2020 took a turn that no one could have predicted. While many of us were either in lockdown or practising social distancing, people all over the world are trying to find ways to keep people safe from becoming infected with the coronavirus. It has actually been reported that in Indonesia, authorities are taking a very different approach to try and 'scare' some of their locals who are not willing to change their daily routines into staying at home.
As regions nationwide have enforced restrictions on people’s movement in an attempt to curb the spread of COVID-19, some local authorities are resorting to unorthodox methods in imposing the virus control measures.
Young people from Kesongo hamlet of Kepuh village in Central Java’s Sukoharjo regency, for example, stayed at the entrance gate to the hamlet dressed up as pocong (shroud ghosts of Indonesian legend).
"The pocong is not to scare residents; instead, we want to educate residents on the fact that coronavirus causes death. It is a shock therapy, as people usually [pay more attention] to anything related to death," Anjar Panca, the keeper of Kesongo’s Al Himmah mosque, said on Wednesday.
The pocong guards monitor guests coming into the hamlet and make sure residents obey the government's restrictions on social gatherings.
"During the past three days, no residents were seen going out at night. Apparently, they're scared of the fake ghost," Anjar claimed.
In some areas it seemed to have the opposite effect. Instead of being scared to stay inside, locals instead were curious and wanted to spot the elusive 'pocong' for themselves. Changing tact, local volunteers now only come out in a more spontaneous nature, perhaps making the sightings more believable or more worthy of being feared.
"One way to keep them from going out during the COVID-19 pandemic is resorting to kating (scaring people) with myth or local folklore. Our ancestors used to do it to scare children to prevent them from going out at night," village head Marianus Samsung told The Jakarta Post on Wednesday.
In our Western world, many of us would think it was Halloween and would be more curious not scared, so what is it about the pocong that it could be used as a viable tactic to keep locals inside with fear?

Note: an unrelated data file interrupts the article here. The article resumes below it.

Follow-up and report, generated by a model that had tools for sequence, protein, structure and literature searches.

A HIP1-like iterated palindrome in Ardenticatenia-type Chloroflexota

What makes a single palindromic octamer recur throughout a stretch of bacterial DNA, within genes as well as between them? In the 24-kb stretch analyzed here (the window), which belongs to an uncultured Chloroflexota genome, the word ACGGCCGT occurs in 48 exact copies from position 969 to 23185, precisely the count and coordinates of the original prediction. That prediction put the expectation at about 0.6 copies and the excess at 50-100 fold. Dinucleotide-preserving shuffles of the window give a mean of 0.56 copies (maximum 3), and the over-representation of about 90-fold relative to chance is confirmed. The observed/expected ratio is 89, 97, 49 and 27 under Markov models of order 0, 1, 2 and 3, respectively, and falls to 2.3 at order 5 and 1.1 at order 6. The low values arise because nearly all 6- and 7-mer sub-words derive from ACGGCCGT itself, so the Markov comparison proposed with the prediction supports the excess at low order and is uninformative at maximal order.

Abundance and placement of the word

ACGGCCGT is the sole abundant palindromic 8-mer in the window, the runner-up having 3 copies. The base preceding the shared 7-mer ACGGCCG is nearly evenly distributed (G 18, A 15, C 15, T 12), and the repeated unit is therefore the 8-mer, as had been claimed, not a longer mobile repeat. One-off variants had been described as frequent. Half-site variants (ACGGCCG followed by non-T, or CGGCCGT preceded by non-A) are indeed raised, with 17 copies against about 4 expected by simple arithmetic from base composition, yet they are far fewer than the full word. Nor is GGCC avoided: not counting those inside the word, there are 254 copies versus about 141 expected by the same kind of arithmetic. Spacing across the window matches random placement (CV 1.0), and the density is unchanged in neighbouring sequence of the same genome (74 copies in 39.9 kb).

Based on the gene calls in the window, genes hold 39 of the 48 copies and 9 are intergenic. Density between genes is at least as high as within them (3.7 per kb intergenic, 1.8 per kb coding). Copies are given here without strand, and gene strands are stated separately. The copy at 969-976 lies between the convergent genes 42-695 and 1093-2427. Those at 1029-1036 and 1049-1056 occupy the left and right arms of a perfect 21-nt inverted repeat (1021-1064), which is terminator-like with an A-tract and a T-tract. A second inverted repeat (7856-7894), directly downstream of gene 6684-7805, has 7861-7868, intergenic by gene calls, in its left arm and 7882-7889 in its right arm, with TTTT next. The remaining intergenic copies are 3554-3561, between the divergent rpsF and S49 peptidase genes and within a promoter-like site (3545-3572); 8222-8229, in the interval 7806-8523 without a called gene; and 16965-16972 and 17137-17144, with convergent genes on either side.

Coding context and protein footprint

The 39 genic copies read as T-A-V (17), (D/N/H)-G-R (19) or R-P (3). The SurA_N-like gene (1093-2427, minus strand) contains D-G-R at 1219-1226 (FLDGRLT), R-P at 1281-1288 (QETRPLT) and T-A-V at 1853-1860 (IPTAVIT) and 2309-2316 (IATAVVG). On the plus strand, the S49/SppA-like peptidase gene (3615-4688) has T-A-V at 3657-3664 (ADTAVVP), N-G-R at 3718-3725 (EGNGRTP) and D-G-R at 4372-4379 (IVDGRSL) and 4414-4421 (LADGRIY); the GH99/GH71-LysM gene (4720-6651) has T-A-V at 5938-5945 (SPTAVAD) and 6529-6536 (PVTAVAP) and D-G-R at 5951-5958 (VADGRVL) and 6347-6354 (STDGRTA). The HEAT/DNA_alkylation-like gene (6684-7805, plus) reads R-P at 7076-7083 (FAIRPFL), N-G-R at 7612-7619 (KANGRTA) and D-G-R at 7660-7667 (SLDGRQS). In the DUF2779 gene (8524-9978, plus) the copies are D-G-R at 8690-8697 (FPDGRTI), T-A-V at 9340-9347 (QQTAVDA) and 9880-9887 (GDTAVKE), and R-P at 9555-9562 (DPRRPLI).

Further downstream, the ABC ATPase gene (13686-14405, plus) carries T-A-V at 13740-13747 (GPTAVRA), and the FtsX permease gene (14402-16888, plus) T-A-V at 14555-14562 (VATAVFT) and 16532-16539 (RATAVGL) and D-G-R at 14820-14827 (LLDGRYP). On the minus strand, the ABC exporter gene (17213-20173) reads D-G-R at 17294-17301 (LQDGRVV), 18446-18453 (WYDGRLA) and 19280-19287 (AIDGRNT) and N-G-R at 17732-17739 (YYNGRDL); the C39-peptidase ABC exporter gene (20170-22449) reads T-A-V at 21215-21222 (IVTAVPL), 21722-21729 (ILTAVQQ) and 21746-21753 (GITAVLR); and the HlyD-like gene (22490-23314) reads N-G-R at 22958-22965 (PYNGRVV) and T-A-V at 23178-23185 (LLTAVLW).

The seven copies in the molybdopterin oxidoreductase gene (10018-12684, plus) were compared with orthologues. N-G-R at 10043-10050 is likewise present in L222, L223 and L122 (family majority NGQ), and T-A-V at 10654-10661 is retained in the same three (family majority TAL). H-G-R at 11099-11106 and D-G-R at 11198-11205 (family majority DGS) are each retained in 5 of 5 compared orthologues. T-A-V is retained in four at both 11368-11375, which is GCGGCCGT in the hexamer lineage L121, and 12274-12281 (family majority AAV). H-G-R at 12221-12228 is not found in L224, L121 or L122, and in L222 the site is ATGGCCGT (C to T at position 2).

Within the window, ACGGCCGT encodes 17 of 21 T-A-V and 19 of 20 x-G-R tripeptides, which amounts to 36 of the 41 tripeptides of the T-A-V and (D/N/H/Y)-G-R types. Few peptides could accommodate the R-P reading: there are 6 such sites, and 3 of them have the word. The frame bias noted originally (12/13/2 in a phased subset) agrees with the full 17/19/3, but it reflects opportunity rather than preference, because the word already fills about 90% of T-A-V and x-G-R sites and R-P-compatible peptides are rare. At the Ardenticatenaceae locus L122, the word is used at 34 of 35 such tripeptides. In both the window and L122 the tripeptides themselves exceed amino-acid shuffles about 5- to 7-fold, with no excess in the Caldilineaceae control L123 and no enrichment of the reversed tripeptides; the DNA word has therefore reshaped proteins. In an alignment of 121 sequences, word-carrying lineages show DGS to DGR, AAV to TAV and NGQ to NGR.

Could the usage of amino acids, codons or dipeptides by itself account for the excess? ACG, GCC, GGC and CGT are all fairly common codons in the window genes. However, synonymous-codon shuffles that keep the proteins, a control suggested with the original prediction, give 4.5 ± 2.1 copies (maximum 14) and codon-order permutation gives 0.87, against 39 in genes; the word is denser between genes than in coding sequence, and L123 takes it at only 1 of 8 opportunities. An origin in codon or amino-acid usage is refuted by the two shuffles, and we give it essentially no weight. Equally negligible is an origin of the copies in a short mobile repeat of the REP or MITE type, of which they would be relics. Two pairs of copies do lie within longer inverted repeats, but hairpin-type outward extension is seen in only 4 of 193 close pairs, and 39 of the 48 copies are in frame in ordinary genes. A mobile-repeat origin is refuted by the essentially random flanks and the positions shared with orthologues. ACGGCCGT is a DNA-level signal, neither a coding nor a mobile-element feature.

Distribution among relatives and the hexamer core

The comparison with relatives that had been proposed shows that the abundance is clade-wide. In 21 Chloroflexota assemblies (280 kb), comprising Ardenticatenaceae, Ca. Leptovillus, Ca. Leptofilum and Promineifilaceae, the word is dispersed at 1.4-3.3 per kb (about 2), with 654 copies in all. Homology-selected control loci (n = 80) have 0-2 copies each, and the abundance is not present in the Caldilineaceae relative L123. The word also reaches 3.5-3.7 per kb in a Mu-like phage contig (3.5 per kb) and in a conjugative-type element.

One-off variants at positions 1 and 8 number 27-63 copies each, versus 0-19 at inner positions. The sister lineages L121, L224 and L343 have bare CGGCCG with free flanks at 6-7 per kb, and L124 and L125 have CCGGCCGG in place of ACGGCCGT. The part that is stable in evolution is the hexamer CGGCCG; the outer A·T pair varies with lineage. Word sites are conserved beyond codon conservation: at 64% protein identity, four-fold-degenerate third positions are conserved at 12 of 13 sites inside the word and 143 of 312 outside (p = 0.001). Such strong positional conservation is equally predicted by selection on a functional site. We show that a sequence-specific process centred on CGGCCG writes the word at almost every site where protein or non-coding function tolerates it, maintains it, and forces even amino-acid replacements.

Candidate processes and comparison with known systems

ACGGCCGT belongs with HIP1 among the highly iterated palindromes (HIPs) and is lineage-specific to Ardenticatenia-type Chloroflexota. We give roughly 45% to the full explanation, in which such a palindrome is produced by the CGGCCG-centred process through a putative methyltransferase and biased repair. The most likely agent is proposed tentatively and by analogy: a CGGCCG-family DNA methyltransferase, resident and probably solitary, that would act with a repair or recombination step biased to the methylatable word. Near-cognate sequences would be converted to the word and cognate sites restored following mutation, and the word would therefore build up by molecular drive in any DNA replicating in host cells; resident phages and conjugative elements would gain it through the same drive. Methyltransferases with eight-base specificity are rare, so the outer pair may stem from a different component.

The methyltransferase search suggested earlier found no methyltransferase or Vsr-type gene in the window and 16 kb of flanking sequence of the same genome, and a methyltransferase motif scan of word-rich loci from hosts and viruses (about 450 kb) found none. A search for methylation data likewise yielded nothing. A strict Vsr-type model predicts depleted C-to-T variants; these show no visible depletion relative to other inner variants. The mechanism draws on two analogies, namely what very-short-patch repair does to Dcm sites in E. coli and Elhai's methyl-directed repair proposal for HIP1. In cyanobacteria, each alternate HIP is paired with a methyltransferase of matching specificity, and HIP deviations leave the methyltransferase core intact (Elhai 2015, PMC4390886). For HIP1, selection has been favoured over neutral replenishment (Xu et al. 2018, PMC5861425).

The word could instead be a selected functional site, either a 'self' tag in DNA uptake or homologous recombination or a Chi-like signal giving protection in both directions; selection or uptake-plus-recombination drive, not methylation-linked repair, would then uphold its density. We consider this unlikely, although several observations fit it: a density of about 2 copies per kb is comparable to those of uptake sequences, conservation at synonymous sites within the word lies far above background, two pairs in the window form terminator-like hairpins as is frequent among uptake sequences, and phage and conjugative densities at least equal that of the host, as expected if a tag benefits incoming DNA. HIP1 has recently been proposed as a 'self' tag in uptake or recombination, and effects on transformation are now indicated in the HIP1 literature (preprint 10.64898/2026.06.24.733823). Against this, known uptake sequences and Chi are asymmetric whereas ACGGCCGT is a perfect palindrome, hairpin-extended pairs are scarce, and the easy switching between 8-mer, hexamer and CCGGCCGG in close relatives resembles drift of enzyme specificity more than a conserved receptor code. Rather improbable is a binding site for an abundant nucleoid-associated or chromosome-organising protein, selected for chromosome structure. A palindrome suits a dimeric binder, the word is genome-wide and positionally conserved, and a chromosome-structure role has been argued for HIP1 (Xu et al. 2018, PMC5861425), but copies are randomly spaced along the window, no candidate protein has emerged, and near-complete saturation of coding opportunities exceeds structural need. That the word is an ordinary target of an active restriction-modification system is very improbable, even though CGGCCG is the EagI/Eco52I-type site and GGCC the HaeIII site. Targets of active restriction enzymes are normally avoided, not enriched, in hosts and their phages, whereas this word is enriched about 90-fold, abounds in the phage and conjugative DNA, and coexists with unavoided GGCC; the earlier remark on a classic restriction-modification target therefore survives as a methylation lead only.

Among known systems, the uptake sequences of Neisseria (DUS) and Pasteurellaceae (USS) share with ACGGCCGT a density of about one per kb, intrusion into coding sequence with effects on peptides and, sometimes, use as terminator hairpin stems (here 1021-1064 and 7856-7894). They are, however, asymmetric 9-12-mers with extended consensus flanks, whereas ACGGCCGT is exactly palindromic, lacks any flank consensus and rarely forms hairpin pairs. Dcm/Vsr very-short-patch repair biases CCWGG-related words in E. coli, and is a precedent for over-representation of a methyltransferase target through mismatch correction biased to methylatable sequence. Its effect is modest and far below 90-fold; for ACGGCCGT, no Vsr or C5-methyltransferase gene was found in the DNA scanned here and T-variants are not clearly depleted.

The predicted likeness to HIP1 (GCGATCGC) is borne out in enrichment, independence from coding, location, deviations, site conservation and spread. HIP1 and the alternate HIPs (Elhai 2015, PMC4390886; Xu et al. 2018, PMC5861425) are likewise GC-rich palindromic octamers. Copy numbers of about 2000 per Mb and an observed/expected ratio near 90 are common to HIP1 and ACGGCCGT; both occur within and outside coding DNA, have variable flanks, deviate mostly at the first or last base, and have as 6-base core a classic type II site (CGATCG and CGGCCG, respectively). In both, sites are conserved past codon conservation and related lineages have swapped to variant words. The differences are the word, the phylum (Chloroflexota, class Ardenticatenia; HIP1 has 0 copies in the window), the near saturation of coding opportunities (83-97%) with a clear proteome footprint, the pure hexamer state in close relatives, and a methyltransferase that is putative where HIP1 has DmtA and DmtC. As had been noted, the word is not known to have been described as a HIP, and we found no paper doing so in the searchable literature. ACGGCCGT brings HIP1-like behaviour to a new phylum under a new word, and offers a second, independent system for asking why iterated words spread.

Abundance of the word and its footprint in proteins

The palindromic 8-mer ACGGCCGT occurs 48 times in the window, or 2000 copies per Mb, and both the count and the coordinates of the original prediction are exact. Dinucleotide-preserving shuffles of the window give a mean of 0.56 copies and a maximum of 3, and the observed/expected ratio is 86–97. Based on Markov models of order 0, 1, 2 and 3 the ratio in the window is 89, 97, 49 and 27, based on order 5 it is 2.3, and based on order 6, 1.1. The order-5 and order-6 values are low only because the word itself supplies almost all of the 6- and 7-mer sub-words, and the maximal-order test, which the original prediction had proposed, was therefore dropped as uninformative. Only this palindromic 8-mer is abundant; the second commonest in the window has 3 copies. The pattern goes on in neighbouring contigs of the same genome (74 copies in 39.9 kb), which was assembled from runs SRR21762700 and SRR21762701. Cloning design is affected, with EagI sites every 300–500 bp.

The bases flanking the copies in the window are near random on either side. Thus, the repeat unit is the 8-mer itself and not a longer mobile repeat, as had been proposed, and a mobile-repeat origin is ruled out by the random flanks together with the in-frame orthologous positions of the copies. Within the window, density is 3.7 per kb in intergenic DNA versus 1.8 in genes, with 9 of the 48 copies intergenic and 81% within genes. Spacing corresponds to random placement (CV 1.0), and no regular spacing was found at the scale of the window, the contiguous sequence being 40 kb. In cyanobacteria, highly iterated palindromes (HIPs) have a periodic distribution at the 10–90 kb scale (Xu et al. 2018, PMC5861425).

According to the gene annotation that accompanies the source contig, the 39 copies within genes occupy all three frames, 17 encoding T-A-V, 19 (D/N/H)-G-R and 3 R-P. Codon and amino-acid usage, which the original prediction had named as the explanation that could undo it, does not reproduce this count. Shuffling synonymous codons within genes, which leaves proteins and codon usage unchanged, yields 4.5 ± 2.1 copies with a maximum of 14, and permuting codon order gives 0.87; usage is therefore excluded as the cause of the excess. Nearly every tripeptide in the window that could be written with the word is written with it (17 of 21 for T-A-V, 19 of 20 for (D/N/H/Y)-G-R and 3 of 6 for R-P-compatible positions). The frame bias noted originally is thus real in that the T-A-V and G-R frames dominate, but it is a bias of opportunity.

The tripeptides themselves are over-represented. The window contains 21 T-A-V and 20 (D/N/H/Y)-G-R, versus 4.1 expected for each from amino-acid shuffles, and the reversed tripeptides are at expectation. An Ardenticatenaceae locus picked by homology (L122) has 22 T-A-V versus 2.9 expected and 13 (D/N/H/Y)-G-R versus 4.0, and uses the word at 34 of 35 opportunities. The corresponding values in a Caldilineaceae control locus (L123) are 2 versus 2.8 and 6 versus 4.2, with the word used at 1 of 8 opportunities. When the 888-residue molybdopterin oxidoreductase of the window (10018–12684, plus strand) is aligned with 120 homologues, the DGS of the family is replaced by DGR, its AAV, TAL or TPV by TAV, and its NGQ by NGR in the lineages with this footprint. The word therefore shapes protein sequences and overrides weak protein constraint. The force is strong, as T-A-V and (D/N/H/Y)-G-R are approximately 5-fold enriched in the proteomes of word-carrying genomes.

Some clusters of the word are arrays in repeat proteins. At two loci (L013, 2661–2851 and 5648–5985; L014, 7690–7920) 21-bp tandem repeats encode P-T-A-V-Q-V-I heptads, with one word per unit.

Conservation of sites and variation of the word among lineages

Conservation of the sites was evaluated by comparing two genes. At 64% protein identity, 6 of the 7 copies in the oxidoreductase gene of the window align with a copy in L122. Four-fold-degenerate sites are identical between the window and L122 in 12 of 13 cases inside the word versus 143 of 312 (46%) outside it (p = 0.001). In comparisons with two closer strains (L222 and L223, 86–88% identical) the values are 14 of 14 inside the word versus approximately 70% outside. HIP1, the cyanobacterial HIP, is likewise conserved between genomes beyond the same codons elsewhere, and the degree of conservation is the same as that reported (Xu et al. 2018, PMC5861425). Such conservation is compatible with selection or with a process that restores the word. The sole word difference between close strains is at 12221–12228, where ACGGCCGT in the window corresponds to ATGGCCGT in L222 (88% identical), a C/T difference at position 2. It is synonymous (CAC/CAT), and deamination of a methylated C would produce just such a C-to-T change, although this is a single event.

Two youngsters in Kepuh village in Sukoharjo, Central Java, stand guard dressed as pocong (shrouded corpses) at the entrance to their village to keep residents in as part of restrictive measures to curb the spread of COVID-19. (Courtesy of/Kesongo Hamlet)
A pocong is one of the most well known or popular ghosts in Indonesian mythology. Going along the with theme that ghosts are dressed in a white sheet, the pocong is dressed head to toe and wrapped in a burial shroud. The same kind of shroud a person would be buried with. It is tied to the body with cloth around the neck, arms and legs. You could essentially think of it as a person who was buried wearing the shroud coming back to life. As the feet are tied or bound, it is widely believed that pocong do not walk but instead fly or teleport to where they need to go. Horror movies have used a different approach and show the pocong hopping as their feet are bound together with cloth.
In terms of facial features, the face is often said to be green and decayed with no eyes, again giving weight to the idea that it has literally come from the grave. The belief is that after a person has died, their soul roams the Earth for approximately 40 days. Once these 40 days is over, their soul is either freed and the ties that bound them are said to be released. If these ties are not released, the soul is not freed and instead takes the form of a pocong.
While many fear the pocong, legend also says that if your hug a pocong and undo their ties, you are helping to release their soul and in return you will receive good luck and wealth.
Image Source https://www.indonesiamatters.com/1866/pocong-horror/
There are different descriptions and different stories surrounding pocong as it is largely based on mythology, however one thing that does seem to be consistent is the fear surrounding this mysterious figure. Some believe the pocong to be evil which is exaggerated in Indonesian horror movies - while others believe it is the soul trapped inside the body seeking help to be freed.
At a time in the world where people are urging others to stay home, this outside of the box idea may just work for these areas where the pocong is strongly feared. It couldn't of course work in Western society as you would have groups of paranormal investigators out in force trying to investigate the phenomena. It highlights to us the strong divide in paranormal belief across the world and just how differently we see things!
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